COTTONWOOD — “It is mostly attorneys and realtors who are scouting Cottonwood area sites for medical marijuana dispensaries,” says Cottonwood long-range planner Charlie Scully, “rather than potential operators.”
Until Arizona Attorney General Tom Horne filed a suit on behalf of the state to test the voter’s Medical Marijuana initiative, Scully’s office had received a small flurry of requests for an appropriate zoning review.
The city may not permit any operations, but must show the state that a specific address is appropriate for such an operation: “Applicants for a dispensary registration certificate have to attest they are in accordance with local zoning regulations.”
That review is part of the first stage of the rules established by the Arizona Department of Health Arizona Medical Marijuana Act for applications seeking certification.
Cottonwood has received 10 requests for nine properties. Most of the reviews have been for properties on Main Street, as well as SR 89A, Sixth Street and Cove Parkway. The proposed location must also be appropriately spaced from churches and school activities.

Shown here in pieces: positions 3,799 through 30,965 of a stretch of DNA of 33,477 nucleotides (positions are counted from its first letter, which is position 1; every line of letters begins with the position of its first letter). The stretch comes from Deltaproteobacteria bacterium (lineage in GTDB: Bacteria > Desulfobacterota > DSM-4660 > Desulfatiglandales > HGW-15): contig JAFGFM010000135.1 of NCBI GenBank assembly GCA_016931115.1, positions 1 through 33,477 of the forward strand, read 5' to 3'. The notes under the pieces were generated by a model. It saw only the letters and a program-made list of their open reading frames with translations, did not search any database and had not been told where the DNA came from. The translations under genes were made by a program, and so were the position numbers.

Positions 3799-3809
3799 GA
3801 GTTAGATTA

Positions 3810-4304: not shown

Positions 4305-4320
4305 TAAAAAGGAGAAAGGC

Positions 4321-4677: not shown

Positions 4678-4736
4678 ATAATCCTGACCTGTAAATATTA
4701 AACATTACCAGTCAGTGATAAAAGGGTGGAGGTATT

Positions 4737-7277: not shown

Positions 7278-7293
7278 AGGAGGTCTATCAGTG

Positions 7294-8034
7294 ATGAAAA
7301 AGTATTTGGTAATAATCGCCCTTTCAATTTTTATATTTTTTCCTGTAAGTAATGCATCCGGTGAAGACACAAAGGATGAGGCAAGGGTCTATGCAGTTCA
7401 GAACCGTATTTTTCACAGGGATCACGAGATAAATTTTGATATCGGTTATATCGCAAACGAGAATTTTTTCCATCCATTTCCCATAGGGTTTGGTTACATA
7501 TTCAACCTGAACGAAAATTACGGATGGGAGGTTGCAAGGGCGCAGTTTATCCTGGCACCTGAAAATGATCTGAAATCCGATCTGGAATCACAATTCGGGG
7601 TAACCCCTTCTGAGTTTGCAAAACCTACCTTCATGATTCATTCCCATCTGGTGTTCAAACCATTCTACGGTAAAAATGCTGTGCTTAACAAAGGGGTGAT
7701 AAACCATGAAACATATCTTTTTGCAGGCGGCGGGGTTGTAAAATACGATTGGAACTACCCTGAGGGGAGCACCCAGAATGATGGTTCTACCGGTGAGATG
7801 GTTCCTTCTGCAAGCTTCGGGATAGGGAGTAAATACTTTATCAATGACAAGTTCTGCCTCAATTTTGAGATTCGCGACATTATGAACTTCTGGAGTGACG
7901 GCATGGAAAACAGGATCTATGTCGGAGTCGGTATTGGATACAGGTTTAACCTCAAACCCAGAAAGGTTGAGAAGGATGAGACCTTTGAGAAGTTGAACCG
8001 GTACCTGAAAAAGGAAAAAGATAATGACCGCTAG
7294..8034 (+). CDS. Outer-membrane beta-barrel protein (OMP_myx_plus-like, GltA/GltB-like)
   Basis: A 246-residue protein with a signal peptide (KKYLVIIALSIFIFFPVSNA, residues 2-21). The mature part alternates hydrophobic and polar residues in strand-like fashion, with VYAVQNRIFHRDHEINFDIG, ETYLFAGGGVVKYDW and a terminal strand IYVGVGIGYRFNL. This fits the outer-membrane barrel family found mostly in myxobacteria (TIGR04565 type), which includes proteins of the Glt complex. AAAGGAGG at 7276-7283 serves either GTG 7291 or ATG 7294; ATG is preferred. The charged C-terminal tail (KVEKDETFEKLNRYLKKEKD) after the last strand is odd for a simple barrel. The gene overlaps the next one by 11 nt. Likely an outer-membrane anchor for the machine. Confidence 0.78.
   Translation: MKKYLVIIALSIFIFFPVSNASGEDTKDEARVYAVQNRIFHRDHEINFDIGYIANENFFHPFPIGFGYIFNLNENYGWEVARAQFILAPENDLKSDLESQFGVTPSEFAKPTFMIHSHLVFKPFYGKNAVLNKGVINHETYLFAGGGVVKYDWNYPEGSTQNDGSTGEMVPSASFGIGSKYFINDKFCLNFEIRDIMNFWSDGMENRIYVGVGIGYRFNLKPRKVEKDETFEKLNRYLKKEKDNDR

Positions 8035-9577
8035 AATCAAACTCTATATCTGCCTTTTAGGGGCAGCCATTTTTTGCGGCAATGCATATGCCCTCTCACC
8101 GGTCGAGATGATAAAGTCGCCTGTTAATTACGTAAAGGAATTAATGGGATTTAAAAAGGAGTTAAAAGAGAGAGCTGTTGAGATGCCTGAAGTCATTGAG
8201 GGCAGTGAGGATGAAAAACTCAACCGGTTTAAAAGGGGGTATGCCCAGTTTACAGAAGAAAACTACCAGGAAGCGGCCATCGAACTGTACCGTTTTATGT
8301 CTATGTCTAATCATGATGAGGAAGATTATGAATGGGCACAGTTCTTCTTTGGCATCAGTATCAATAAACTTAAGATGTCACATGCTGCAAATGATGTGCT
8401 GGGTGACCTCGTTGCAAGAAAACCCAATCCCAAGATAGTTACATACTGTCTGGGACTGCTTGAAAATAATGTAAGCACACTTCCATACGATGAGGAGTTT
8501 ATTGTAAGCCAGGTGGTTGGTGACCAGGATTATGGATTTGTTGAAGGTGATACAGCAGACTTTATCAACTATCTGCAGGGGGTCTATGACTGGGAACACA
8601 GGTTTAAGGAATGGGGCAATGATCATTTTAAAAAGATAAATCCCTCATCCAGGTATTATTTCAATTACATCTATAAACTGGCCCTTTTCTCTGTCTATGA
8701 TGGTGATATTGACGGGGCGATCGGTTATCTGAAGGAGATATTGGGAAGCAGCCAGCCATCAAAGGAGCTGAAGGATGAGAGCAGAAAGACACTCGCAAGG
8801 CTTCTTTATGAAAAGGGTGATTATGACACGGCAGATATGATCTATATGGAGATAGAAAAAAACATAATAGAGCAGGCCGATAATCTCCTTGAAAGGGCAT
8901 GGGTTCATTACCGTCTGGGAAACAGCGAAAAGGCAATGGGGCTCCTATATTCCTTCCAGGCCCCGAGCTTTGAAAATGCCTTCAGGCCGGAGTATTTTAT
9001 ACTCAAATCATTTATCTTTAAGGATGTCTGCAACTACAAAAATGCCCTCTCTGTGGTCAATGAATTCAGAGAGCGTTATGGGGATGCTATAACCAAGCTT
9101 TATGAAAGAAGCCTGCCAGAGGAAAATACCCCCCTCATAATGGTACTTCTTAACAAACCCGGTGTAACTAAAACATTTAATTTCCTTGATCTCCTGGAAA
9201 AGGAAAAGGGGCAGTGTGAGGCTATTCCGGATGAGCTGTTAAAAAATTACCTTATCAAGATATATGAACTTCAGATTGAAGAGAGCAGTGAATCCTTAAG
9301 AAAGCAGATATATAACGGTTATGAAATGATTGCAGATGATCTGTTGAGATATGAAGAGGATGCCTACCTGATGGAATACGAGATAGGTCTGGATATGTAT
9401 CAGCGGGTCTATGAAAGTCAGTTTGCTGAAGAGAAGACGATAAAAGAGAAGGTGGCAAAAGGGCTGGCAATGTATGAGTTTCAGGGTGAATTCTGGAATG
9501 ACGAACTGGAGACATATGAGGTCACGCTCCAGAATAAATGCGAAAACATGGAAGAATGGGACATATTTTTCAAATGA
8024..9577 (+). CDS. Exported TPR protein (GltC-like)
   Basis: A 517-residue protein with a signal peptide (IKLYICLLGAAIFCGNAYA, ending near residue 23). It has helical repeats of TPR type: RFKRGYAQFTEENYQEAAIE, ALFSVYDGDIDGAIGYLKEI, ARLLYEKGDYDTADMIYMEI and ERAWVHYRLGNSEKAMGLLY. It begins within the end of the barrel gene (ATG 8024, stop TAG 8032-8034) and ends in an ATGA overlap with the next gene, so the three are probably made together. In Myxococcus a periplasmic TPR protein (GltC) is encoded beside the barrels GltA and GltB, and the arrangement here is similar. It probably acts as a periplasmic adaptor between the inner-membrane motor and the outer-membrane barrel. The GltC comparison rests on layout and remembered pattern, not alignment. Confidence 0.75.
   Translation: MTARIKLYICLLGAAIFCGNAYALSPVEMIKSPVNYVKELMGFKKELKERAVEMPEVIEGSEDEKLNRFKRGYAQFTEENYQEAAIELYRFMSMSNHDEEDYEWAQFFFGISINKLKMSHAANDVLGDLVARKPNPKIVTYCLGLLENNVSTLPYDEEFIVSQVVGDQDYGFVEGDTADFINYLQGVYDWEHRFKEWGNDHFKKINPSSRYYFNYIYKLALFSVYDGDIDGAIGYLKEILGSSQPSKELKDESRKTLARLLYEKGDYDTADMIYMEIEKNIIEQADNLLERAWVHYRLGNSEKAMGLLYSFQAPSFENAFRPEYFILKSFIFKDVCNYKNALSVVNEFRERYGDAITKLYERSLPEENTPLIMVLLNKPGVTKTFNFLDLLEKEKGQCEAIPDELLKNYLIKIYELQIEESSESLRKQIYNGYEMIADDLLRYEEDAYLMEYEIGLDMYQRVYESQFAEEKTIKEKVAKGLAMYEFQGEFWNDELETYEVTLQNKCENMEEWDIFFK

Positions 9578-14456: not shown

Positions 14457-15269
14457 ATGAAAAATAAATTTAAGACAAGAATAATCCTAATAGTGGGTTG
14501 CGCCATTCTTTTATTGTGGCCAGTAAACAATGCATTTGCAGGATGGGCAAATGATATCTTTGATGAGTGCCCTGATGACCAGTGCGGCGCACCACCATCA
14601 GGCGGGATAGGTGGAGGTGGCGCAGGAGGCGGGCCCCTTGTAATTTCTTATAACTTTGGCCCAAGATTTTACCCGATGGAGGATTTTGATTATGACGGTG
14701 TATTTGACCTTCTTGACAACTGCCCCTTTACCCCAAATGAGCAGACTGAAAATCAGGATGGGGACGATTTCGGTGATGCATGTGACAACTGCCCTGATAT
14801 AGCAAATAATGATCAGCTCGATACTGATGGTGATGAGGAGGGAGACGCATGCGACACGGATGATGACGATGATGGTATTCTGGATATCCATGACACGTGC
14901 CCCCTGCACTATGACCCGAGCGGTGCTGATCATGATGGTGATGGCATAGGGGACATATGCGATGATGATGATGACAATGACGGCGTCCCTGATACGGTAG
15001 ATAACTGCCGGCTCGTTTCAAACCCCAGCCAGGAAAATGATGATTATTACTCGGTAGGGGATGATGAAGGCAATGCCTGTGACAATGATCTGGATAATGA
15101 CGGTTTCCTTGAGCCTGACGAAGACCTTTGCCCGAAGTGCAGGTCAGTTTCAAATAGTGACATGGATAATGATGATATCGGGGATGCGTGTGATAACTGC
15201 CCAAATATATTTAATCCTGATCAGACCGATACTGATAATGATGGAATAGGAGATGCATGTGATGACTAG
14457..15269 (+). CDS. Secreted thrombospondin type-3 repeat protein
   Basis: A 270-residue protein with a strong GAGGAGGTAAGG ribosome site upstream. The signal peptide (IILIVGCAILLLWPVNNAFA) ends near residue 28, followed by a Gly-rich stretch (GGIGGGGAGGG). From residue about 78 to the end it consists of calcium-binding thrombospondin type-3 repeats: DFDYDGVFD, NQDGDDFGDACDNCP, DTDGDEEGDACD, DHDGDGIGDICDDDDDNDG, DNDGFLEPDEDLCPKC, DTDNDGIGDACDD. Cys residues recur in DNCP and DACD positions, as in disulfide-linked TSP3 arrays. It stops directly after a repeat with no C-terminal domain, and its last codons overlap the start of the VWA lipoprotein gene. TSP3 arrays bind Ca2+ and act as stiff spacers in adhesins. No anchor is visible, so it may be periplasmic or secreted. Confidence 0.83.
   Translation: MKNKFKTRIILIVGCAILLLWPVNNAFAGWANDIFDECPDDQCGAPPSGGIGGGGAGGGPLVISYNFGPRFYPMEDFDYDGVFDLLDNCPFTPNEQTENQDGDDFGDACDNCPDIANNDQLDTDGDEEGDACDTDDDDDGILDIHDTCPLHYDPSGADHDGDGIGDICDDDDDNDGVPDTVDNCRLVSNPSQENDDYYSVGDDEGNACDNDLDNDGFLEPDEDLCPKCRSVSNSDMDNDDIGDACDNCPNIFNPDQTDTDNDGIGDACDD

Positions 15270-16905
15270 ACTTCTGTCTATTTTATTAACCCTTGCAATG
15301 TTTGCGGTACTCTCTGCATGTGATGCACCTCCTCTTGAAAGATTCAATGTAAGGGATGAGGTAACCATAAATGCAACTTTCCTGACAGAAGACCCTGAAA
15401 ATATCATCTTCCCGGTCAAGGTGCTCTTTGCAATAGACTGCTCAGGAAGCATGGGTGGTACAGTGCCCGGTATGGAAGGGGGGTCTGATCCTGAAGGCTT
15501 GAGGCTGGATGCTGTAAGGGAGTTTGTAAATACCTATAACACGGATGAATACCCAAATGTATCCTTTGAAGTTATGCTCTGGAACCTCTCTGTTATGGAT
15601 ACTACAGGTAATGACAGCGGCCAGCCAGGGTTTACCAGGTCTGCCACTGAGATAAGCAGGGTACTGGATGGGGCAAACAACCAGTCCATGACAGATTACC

Activity has “dropped off” through Scully’s office since the Attorney General’s May 27th filing with the U.S. District Court for Arizona. The Department of Health has not accepted applications since the court filing.
Scully understands that separate filings could emerge from advocates.
He believes that representatives are looking at centers of population in zones established by the health department. Under the rules, only one dispensary is likely to be located in the Verde Valley zone that includes Cottonwood.
Sedona would be in a separate zone.
The number of dispensaries is limited within Arizona.
Scully has contended that under the state rules, only one dispensary is likely to be located
Horne, representing the Governor, Department of Health and the Department of Public Safety, is asking for “declaratory judgment.”
The filing requests the federal court determine Arizona’s “respective rights and duties…regarding the validity, enforceability, and implementation of the AMMA.” 2)”whether strict compliance and participation in the AMMA provides a safe harbor from federal prosecution” 3) that the court “grant other and further relief as it deems appropriate and proper.”
Scully says some of the initiatives advocates view the challenge lightly, but he suggests the challenge could be potentially fatal for the Arizona law.